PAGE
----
Both the films and Curtis himself, with his frequent invocations of journalistic ‘service’ in interviews and received pronunciation voice-overs, may appear anachronistically of a piece with this legacy. But, as Phil Harrison suggested, in his review of Hypernormalisation (2016), this may be part of the point: that because the films are ‘patchworks of the past’, they are necessarily also about ‘broadcasting’s past […] the BBC’s past’. Another dimension to Curtis’ use of the archives is the kind of obscure curation that it leads to, both highlighting the BBC’s remarkable achievement in presenting the world, while also weirdly defamiliarising the corporation’s imagery. Clips, detached from their parent source, recur from one film to another; certain shots, such as those of a pensive housewife, taken from John Mossman’s documentary America: Democracy on Trial (1968), seemingly appear in all of them. Much as their production can be characterised by this unique combination of analogue footage and digital editing software, the films’ distribution has been similarly hybrid, as Curtis has broken with formal BBC policy to also establish a significant audience for his films online, one farther afield than that permitted by iPlayer. The conflict, then, that drives CGYOMH’s narrative, between an old paternalism, and the new society of the individual, can be seen also in its unique place within the broadcasting landscape, suspended between the vanishing public model represented by the BBC, and the consumer-driven streaming platforms of Netflix and YouTube (where most of Curtis’ work continues to reside). That CGYOMH ends without really offering an idea of what the future might look like may be tied to an awareness that its own mode of broadcasting may soon become obsolete.
            Yet while these questions remain unanswered, we can also see a more constructive aspect to the films’ affiliation with public broadcasting. Interestingly, Curtis’ father was the lead cameraman for the polymathic director Humphrey Jennings, who, in addition to being a founding member of Mass Observation, and a surrealist poet and artist, produced propaganda films during the Second World War for the Crown Film Unit. As a filmmaker, Jennings utilised the techniques he had learnt from Surrealism to document people’s lives during the Blitz and the Home-Front, as the ruptures and uncanny disturbances of war imposed themselves upon the continuities of the everyday. In films such as London Can Take It! (1940) and Listen to Britain (1942), the director’s use of montage captured this sense of two realities juxtaposed, in the latter film intercutting scenes of schoolyards and spitfires, marching bands and tank factories, while allowing their associated sounds to bleed through from one discrete scene to another. While Curtis has been dismissive of this ‘observational documentary tradition’ in interviews, nonetheless a certain affinity emerges when the montages of his own films are paralleled with Jennings’ work, as analogous attempts to make sense of a reality rendered increasingly senseless. Jennings was also interested in capturing emotions in his films, believing the function of art and image-making to lie in their ability to disclose ‘legacies of feeling’ within the collective consciousness: which is more than a little reminiscent of the avowed aim of CGYOMH. Recent commentators such as Ben Highmore and Thomas S. Davis, however, have been drawn to another side of the emotional element in Jennings’ work, chiefly its function as propaganda to ameliorate the affective stress of wartime, whereby the films, as Highmore writes in Cultural Politics: Mood, Mediation, and Cultural Politics (2017), serve as a ‘phenomenal pedagogy, demonstrating the kind of attention required to avoid morbid attitudes’. Despite Curtis’ uneasiness about his authoritative position within the BBC, we can see CGYOMH as fulfilling a similar function during our own time of crisis, reflecting if not resolving our collective anxieties of isolation and arrested time, as the pandemic continues to reshape the contours of everyday life.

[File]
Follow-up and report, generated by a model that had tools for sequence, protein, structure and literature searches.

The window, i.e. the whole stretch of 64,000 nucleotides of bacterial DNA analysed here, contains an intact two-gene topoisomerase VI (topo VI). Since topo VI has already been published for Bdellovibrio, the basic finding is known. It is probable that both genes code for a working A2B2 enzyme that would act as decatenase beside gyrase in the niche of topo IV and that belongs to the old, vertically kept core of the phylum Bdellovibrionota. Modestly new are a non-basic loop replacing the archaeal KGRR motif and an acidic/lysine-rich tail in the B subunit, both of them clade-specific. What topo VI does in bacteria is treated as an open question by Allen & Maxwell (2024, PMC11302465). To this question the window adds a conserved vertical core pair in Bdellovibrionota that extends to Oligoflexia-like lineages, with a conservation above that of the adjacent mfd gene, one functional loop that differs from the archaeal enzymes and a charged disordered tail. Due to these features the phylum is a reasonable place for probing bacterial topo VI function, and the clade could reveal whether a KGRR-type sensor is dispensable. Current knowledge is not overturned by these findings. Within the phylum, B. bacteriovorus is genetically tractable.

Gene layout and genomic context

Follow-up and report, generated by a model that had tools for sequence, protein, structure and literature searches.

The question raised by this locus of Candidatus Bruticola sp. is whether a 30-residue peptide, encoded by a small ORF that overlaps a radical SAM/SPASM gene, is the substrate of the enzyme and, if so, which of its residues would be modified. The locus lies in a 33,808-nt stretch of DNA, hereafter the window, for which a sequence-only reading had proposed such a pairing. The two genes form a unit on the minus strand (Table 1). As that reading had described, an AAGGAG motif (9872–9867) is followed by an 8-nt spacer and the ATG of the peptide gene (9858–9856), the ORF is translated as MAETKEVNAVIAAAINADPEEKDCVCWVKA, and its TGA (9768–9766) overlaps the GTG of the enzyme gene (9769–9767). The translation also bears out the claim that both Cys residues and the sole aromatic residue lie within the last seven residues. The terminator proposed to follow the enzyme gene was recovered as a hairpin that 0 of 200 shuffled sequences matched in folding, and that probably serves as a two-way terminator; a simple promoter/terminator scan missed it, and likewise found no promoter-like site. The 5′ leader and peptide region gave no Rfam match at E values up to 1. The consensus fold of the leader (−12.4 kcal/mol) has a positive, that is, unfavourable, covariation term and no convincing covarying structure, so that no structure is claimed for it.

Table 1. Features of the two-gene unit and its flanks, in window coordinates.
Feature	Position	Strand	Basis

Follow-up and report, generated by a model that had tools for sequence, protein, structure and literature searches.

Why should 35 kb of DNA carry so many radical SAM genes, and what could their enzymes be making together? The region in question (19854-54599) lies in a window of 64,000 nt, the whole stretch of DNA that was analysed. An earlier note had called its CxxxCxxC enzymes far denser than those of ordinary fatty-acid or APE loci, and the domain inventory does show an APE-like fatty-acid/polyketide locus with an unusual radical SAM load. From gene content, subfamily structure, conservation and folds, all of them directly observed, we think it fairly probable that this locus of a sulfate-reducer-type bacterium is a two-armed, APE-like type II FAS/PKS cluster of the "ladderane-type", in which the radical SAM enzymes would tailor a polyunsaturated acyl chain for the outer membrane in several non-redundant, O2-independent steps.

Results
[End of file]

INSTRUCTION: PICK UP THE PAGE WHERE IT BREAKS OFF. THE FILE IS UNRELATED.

The iconic BBC-Marconi Type A microphone


This explicit emotional focus, moreover, reflects a change in Curtis’ filmmaking that has taken place over the last decade or so, and began with It Felt Like a Kiss (2009), which (much like Listen to Britain) dispensed entirely with commentary to depict American paranoia in the 1950s using only footage and music recorded from that time. As Curtis said in an interview for Film Comment, this was a departure insofar as it was ‘an experiment just to make a film which was […] analytical, but was also about how emotions are very important in all this’. Subsequent films followed this experiment not only in terms of focus but also of technique. They gradually dispensed with the sit-down interviews that had previously punctuated the montages, which in turn sped up, becoming less directly legible in terms of Curtis’ words; meanwhile, a largely ironising soundtrack composed of Bernard Herrmann and John Carpenter film scores was exchanged for the more abstracted, atmospheric compositions of Burial and Aphex Twin. The films now both paid attention to emotion in a new way, and themselves generated moods.
            With this affective turn, a previous emphasis on ‘showing’ that occasionally alarmed critics has largely been replaced by an approach which favours impressionistic visual storytelling and individual witness. But in CGYOMH this amounts to a deeper level of argument, beyond that explicitly given by the film, about emotions themselves. If the film in one respect documents the various ways in which past events have been internalised as states of mind, it is also a testament to the fact that these need not, in Highmore’s words, be ‘locked into the personal and biographical’; that, in fact, emotion ‘ranges across collective and social experience,’ and, coexistent with—while often being subordinated to—rationality, is the medium through which the individual self interacts with the world, and the collective, of which it is a part. Linking the medicalisations of anxiety represented by Purdue Pharma’s invention of Valium, and its later role in the American opioid epidemic, with the creation of content designed to elicit ‘high-arousal emotions’ by online media companies, in order to generate what Shoshanna Zuboff conceptualised as ‘Behavioural Surplus’ sold for ad revenue, Curtis indicts contemporary society for reducing its members’ cognitive and affective ways of being to the status of disorders and commodities. By setting its own procedures of intuiting and representing emotions in contrast to the Information Age’s exploitation of them, CGYOMH is a powerful argument for their importance.
            Bookending the film, seemingly as both an epigraph and a dedication, is a quote from the late anthropologist and political theorist David Graeber: ‘The ultimate, hidden truth of the world is that it is something that we make, and could just as easily make differently’. Given this ending, some viewers may feel cheated at the film’s unwillingness to offer a firmer indication of what this change should actually consist in; it may be that Curtis’ increasingly free-form diagnoses of Individualism can only take us so far. This response, however, might miss what it is that the film has managed to achieve. During a time that has undoubtedly taxed the emotions of us all, though not equally, and in differing ways, we might see the work the film does as primarily an emotional one, representing and contextualising this affective stress as it renders it equitable with the isolated lives we have increasingly begun to live. With this, we might have been given an idea of the course any collective desire for change will have to take if it wants to succeed: the emotional work that the film performs in disclosing the world we live in will have to be a necessary component in any effort to change it.